Kenneth Cochran, who was a member of the University Court from 2014 to 2019, discusses alumni Dr Fiona Hill and David Holmes who testified to the US House Intelligence Committee and what this demonstrates for St Andrews alumni.
It was fascinating last week to watch St Andrews alumni Dr Fiona Hill and David Holmes giving testimony to the US House Intelligence Committee. They follow in a proud tradition of St Andrews students and alumni, going back to the middle ages, who are willing to speak truth to power. Sadly for some of their predecessors, the cobblestones of St Andrews bear witness that the University has not always appreciated such boldness. The University appreciates boldness when it is directed elsewhere but not when it is used to shine light on its own shortcomings.
From the first day you arrive as students in St Andrews, you are encouraged to participate actively in the governance of the University. You are encouraged to challenge and question; you elect sabbatical officers of the Students Association, school presidents, the Rector and many others; you are directly represented on the University Court; and your voice is heard at every level of the University.
It is not well known, but the Universities (Scotland) Acts of 1858-1966 grant you the life-long right to continue to be involved in University governance after graduation when you become members of the University’s General Council.
However, this year the University has executed a massive power grab which disenfranchises you, along with Dr Fiona Hill and David Holmes and tens of thousands of your academic parents, grandparents etc., – alumni and senior academics, from choosing who speaks in your name on Court after you graduate.
For the first time in over 160 years, as you walk across the stage at graduation, a tap of the biretum on your head and the words ‘et super te’ will end your ability collectively to help govern your University. Court has seized control of the nomination of alumni assessors and will act unilaterally to appoint your future assessors for you. It is not good governance for Court to select those who are supposed to be nominated by a separate governance body of the University. (University Ordinance 132 Part1(j)). It will increase the propensity for groupthink and echo chamber effects to take hold. This move should ring governance alarm bells everywhere.
In a remarkable example of Orwellian doublespeak, Court states as a principle in the minutes of this decision on 14th June 2019 that ‘General Council should be seen to have control over the nomination process’. What is clear, is that only Court will control the nomination process.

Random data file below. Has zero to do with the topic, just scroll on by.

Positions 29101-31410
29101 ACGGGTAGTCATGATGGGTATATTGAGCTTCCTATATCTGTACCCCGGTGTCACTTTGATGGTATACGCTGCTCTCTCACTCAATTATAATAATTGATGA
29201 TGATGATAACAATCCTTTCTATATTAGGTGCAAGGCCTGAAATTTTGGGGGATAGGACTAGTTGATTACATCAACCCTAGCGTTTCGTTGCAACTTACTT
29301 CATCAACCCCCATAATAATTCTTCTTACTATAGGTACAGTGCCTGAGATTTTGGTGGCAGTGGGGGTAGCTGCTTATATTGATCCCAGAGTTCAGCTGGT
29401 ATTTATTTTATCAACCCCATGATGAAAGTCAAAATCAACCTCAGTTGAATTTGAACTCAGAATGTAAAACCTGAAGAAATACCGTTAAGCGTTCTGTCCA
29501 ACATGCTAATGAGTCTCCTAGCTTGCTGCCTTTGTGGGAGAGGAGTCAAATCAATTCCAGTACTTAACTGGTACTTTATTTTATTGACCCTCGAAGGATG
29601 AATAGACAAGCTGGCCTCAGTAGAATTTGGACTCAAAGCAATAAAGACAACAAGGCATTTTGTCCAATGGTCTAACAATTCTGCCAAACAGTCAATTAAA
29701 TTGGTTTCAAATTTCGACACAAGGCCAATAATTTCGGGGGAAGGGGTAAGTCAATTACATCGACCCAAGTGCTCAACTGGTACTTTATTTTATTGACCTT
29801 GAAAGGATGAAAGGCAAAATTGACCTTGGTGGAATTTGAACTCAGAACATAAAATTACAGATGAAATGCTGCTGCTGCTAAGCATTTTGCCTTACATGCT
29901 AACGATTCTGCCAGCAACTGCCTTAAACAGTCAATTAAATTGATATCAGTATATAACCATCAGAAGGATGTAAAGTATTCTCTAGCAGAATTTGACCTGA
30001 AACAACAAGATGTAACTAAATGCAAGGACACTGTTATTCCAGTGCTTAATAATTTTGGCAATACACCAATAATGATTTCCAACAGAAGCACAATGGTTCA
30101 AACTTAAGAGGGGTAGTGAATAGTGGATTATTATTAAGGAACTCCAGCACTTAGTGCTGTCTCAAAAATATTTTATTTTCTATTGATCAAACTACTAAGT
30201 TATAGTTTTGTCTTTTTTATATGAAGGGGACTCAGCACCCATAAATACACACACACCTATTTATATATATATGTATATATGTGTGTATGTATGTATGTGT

Ironically, while asserting another principle that their decision ‘should be distanced from any factional interest’, Court fails to recognise that it is by definition a tiny faction (0.01%) of General Council. Court’s actions undermine the very principles Court seeks to uphold. Such duplicity is unbecoming of the finest University in Scotland.
As a member of Court, I supported a potential change from election of assessors to a skills-based selection process. I was assured by Court that it intended to engage ‘constructively with the GCBC [General Council Business Committee] to co-produce this’ (Court minutes 5/4/2019) and the process would support the aforementioned principles. Yet the new process has been imposed by Court; Court alone chooses the assessors; no participation from the Convener, the Business Committee or the wider General Council in the selection of your future assessors is to be permitted.
It was for the above reasons that I resigned, on principle, from the University Court.
I have no doubt that there are many St Andrews alumni among those peacefully protesting in Hong Kong for democracy, seeking the right to select their own leaders rather than having them imposed upon them from Beijing. May I encourage you to follow their example and that of Dr Hill, Mr Holmes and of many generations of St Andrews graduates: Always speak up when you see injustice.